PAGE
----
If we were to tell you that today hackers are walking around with a few million frequent flyer miles care of United Airlines, your first thought might be that they had been the victims of a data breach at the hand of cybercriminals.
And though these days that is a depressing safe assumption, in this case, it would be wrong. Those hackers have those miles because they likely prevented a cyberattack by discovering flaws in United’s Web security system and reporting them before a criminal could find them.
It’s called a bug bounty, and it is a clever way to set white-hat security researchers against black-hat cybercriminals. And though popular across industries — most of the major tech players have them, usually associated with a cash reward — they are almost unheard of in the airline industry until now.
Four of United’s competitors were contacted by Reuters to see if they were looking into a similar program. Three declined to comment on bug bounty programs; the fourth was not available.
United launched its bug bounty in May.
“We believe that this program will further bolster our security and allow us to continue to provide excellent service,” United said on its website.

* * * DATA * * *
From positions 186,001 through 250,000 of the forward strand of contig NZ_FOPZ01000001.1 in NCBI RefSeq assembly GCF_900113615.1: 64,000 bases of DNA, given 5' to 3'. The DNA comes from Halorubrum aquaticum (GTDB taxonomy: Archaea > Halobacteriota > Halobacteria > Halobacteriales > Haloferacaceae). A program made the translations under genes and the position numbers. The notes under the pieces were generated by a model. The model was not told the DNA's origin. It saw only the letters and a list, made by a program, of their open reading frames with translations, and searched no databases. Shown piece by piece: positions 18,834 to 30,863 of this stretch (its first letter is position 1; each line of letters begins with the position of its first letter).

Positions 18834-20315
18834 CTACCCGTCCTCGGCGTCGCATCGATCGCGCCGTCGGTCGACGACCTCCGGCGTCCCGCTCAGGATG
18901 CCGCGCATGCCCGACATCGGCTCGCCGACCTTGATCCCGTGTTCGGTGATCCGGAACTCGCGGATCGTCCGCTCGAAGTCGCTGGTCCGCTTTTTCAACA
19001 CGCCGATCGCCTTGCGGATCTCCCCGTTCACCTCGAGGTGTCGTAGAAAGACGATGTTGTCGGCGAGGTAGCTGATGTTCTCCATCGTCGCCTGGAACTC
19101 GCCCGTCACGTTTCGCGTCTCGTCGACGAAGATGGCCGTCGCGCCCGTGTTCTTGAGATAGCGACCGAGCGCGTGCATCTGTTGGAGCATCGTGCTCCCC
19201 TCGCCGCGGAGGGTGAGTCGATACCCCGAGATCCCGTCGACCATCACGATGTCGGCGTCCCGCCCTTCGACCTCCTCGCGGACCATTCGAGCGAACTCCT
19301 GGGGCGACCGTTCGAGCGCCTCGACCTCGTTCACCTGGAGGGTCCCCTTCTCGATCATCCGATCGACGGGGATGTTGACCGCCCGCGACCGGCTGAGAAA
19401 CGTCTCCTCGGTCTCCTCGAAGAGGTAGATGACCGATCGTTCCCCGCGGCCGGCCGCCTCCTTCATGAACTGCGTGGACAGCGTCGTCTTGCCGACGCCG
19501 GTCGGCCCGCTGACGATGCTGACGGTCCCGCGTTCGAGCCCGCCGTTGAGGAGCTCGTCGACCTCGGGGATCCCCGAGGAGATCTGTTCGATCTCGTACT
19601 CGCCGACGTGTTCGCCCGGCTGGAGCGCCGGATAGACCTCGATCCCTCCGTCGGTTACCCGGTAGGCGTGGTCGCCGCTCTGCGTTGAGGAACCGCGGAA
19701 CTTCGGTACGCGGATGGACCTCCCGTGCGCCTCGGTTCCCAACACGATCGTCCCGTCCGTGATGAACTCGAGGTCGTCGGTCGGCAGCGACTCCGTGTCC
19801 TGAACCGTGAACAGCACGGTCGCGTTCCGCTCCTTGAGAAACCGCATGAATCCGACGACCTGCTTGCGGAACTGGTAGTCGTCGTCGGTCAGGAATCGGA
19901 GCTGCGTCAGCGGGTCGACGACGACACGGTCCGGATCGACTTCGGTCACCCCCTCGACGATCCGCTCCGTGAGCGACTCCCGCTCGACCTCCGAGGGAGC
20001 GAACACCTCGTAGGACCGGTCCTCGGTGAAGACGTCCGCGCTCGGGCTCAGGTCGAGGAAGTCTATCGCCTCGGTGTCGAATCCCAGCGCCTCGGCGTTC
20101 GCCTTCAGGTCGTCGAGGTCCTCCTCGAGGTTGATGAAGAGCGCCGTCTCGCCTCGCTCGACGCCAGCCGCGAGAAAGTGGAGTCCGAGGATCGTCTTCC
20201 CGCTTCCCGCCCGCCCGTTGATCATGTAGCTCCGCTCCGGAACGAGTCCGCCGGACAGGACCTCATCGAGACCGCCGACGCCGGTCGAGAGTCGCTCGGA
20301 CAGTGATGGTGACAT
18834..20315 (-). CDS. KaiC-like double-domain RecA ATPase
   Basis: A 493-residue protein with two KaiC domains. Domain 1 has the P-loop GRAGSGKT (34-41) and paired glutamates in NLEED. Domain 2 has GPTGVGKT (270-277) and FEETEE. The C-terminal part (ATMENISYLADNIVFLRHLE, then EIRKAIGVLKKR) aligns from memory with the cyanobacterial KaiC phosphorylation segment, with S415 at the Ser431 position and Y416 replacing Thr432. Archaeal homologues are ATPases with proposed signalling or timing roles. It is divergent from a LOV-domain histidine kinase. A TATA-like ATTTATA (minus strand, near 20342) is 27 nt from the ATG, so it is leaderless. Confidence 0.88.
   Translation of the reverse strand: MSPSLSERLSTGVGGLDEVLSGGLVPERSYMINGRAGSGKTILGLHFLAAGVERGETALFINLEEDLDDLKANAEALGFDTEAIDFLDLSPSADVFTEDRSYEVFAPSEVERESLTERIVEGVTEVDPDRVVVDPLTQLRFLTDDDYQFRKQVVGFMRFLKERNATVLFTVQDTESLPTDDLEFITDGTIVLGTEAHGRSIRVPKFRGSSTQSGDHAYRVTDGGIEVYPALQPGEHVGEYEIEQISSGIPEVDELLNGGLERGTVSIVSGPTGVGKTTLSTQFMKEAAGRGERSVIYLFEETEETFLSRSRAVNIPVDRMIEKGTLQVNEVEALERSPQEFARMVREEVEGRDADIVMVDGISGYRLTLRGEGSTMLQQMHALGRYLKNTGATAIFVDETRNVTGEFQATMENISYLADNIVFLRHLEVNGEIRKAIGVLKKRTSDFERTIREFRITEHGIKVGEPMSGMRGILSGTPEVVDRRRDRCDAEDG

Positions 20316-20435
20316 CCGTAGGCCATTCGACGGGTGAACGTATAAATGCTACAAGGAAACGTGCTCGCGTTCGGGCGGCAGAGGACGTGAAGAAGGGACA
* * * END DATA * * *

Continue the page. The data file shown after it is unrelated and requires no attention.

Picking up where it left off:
Recently, United has had its share of trouble with tech. The airline found itself locked out of its reservations system, preventing customers from checking in and leaving the company unable to dispatch its flight plan since the software that handles it was (in technical language) “zapped.”
The “hacker” who collected the first bug bounty was Jordan Wiens. The cyber vulnerability researcher tweeted that he had found a bug that could have theoretically allowed hackers to take over United’s websites.
“It’s really interesting that United did what they did,” he said in an interview. “There actually aren’t that many companies in any industry outside of technology that do bug bounties.”
The terms of the agreement with United prevent Wiens from disclosing much of the specifics of the vulnerability. It also prevented him from attempting to exploit the bug after finding it, which means even he doesn’t know how big a risk there was.